As the battle over Canada's private copying levy intensifies – London Drugs and the Retail Council Canada are following up on yesterday's Best Buy op-ed by urging customers to write to the government – the United Kingdom has just provided Industry Minister Jim Prentice with a terrific example of how to lead on copyright from both a policy and political perspective. This morning, the UK government released a public consultation on "the future of copyright in the digital age." The consultation includes four recommendations:
- create a format shifting exception that would allow for private copying without compensation
- create a new parody exception
- facilitate distance learning through greater flexibility for schools and universities
- allow libraries to use technology to preserve content
This proposal is significant in terms of content and process. From a content perspective, it demonstrates that other countries are moving forward on key consumer issues like format shifting and parody, while the December Canadian DMCA neglected to address those concerns. Canada needs similar reforms and the Conservative government should be actively working to include them within its copyright reform plans.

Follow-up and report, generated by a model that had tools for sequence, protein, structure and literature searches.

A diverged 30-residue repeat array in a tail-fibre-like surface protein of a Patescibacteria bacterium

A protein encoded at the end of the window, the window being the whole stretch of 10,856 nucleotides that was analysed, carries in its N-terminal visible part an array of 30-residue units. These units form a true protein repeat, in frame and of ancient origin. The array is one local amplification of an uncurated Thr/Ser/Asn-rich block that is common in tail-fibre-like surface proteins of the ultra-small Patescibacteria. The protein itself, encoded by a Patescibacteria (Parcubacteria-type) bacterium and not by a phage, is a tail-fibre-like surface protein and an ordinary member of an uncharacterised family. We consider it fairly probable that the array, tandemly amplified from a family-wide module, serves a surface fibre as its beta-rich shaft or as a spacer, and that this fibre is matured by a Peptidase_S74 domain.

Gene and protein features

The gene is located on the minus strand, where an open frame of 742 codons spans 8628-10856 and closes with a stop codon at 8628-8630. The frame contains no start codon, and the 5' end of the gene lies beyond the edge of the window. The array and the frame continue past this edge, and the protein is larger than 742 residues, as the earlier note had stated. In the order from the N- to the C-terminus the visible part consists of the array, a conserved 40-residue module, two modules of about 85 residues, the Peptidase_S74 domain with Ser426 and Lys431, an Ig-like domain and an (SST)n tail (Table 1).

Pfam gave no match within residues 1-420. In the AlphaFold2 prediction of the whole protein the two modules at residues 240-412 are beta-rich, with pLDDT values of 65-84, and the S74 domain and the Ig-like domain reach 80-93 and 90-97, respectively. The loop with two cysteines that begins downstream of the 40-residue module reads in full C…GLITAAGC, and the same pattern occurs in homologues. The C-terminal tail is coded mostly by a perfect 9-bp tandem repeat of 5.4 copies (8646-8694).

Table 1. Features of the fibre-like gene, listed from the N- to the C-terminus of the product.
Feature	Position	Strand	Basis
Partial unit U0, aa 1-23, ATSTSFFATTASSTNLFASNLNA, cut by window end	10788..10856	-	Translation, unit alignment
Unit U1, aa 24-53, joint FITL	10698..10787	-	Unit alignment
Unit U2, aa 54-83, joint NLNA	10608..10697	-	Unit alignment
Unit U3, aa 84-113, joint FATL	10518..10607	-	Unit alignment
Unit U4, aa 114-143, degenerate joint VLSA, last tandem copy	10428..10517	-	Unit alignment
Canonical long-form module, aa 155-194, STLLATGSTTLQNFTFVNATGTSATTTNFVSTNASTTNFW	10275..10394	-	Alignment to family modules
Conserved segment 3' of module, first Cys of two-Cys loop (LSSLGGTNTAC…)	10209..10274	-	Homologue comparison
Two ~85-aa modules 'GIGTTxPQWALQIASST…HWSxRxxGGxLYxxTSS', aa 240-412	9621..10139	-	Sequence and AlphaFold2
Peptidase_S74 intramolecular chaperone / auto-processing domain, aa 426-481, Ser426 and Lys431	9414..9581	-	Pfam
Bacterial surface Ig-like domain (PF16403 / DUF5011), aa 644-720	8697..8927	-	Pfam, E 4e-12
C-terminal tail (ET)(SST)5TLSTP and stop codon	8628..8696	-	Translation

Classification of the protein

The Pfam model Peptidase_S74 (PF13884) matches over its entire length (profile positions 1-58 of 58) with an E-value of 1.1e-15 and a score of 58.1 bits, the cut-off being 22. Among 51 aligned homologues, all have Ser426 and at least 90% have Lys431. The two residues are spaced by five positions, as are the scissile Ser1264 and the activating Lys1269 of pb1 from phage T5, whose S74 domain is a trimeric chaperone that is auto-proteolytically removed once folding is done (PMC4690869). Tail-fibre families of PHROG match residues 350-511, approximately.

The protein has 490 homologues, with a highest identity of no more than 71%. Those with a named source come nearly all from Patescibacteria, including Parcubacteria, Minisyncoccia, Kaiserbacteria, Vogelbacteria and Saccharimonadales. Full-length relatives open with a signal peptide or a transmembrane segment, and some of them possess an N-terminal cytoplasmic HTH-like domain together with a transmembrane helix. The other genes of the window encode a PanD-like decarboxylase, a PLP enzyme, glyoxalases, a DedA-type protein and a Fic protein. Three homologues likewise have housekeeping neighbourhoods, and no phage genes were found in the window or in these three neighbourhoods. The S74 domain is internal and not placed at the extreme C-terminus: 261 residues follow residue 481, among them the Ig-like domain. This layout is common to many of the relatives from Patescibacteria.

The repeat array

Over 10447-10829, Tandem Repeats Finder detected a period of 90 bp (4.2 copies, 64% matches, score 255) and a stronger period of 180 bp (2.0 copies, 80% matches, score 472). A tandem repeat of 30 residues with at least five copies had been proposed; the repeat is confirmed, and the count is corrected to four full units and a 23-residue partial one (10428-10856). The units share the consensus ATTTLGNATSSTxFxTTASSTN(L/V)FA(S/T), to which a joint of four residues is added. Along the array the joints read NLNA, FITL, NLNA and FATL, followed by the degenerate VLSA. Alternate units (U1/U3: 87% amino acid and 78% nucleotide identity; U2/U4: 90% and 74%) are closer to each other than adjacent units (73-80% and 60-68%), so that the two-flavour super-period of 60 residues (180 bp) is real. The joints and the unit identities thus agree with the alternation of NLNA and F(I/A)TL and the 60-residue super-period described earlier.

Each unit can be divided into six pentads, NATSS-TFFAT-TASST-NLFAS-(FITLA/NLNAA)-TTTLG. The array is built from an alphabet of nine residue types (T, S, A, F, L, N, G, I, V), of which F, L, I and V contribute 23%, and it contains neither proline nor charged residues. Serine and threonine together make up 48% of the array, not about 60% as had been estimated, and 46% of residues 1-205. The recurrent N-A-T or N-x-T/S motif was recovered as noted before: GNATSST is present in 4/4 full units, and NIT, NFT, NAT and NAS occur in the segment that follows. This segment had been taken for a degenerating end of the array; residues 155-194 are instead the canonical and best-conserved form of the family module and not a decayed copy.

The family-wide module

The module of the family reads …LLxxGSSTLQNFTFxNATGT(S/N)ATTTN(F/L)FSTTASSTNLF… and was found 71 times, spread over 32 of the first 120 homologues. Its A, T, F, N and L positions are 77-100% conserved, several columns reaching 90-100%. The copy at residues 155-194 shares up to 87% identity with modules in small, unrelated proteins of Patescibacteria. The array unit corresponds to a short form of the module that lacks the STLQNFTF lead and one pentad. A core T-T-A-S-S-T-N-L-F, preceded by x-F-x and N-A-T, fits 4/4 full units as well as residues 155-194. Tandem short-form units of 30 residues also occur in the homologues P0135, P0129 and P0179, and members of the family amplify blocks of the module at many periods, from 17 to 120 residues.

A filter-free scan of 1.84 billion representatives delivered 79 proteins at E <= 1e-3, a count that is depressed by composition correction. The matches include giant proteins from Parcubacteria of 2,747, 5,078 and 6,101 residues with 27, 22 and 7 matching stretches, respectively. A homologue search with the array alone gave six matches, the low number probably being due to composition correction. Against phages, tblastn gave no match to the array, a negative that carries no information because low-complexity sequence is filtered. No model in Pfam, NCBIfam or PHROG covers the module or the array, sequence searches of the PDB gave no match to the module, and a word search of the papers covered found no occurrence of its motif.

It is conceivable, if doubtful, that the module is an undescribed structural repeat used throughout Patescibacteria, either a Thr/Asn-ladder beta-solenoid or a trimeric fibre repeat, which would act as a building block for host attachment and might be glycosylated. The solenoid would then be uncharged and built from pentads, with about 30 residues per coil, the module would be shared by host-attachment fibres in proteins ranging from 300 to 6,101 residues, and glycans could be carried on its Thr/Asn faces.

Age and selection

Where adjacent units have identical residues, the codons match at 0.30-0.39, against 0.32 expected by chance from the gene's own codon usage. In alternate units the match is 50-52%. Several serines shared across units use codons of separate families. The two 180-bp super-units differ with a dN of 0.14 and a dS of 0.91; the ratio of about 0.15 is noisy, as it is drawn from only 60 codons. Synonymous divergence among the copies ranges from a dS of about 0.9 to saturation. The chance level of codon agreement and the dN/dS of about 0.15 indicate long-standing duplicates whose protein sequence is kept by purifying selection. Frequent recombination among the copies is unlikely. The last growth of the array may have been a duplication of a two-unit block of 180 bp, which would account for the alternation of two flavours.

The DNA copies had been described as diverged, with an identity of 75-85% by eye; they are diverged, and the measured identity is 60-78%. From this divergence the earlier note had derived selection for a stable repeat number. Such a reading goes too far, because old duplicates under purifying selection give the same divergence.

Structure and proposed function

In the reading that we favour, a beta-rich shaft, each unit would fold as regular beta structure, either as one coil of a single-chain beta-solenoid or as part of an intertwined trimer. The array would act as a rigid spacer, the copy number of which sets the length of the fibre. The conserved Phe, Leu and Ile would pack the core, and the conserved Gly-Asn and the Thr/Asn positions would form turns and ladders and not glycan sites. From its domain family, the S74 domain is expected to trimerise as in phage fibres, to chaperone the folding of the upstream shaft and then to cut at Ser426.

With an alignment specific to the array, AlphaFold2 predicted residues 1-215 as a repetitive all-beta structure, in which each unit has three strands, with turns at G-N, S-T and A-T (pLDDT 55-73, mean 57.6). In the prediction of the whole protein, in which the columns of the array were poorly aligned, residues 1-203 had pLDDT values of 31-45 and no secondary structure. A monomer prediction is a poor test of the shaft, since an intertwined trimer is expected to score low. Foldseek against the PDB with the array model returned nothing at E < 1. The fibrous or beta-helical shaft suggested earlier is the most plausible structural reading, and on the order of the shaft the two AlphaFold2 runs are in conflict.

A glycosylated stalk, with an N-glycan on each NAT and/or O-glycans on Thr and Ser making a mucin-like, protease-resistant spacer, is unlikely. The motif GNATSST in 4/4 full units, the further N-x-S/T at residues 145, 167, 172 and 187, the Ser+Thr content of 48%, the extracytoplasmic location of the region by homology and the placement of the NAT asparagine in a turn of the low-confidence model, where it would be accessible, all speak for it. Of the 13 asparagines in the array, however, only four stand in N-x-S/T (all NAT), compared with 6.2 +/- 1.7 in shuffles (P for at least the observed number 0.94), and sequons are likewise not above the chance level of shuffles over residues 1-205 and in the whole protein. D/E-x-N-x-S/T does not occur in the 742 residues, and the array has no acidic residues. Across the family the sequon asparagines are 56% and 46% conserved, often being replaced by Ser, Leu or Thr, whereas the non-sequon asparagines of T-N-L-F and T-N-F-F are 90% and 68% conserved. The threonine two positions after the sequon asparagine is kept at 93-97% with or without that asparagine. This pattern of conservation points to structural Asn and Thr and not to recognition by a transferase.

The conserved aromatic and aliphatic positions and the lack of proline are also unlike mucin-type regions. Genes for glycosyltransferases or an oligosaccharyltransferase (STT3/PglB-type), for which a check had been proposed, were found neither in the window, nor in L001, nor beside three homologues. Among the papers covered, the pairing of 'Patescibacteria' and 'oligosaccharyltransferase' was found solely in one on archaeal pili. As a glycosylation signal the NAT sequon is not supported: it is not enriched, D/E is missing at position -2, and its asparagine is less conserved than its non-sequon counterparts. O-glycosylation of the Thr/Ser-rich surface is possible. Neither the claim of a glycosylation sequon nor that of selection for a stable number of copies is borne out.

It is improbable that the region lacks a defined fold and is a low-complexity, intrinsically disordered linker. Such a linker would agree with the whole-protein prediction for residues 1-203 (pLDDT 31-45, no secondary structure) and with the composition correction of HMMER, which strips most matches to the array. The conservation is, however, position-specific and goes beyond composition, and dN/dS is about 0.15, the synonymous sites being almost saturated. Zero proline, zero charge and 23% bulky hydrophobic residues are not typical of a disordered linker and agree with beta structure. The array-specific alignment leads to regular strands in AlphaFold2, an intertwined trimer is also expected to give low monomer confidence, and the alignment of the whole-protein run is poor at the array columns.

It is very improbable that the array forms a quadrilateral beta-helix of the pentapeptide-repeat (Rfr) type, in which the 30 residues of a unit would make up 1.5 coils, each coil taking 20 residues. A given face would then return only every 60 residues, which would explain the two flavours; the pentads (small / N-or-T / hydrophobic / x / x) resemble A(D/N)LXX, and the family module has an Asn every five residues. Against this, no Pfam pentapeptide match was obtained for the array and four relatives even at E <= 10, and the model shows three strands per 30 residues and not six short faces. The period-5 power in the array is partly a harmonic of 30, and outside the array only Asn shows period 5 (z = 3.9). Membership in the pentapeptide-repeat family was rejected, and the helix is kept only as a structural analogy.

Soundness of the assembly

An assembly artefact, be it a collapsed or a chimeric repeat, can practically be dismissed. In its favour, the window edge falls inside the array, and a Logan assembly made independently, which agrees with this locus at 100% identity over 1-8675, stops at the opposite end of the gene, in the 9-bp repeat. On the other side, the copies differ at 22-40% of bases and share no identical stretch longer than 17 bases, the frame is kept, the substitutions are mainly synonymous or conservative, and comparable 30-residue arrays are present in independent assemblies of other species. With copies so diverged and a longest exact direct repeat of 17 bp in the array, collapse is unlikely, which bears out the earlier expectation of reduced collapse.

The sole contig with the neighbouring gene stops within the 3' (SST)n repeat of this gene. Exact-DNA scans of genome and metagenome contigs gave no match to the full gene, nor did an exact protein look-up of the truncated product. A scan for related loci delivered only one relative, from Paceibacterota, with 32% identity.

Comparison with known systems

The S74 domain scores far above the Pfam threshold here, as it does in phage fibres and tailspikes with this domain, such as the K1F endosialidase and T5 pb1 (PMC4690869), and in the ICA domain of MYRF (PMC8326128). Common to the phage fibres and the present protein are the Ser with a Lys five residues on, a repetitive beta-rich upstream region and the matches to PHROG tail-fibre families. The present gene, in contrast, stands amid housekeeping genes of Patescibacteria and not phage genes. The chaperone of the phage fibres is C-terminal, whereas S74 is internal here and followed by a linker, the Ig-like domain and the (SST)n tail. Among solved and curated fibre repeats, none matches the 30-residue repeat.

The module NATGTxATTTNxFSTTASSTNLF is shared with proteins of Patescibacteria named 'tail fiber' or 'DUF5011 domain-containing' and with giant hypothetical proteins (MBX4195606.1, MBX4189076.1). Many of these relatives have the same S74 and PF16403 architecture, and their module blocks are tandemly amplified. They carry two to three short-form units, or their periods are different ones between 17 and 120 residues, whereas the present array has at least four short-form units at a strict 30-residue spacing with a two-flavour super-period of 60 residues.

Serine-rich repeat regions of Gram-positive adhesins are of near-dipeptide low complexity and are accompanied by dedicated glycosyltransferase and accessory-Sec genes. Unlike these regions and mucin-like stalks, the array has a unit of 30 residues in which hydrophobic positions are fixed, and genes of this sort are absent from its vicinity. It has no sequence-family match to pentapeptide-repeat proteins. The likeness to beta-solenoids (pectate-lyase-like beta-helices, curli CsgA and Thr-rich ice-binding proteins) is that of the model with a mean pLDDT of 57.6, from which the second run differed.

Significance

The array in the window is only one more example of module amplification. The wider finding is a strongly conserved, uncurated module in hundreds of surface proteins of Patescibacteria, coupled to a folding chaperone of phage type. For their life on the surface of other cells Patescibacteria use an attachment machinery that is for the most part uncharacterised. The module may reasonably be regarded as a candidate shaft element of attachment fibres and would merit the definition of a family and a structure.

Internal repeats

From a process perspective, the UK government has just provided a blueprint for how Prentice should address the copyright file. It started with a comprehensive review of intellectual property law (the Gowers Report) in 2006 that resulted in a comprehensive report that attempted to strike the right balance on difficult policy issues. It has followed up on the report with this latest consultation – 96 pages of detail on the key recommendations – and given the public four months to comment. The final chapter will presumably feature legislation based on extensive input from all stakeholders. The Canadian government would do well to copy this blueprint. Rather than pushing forward with the ill-advised Canadian DMCA, it should start with a comprehensive digital copyright consultation early in 2008.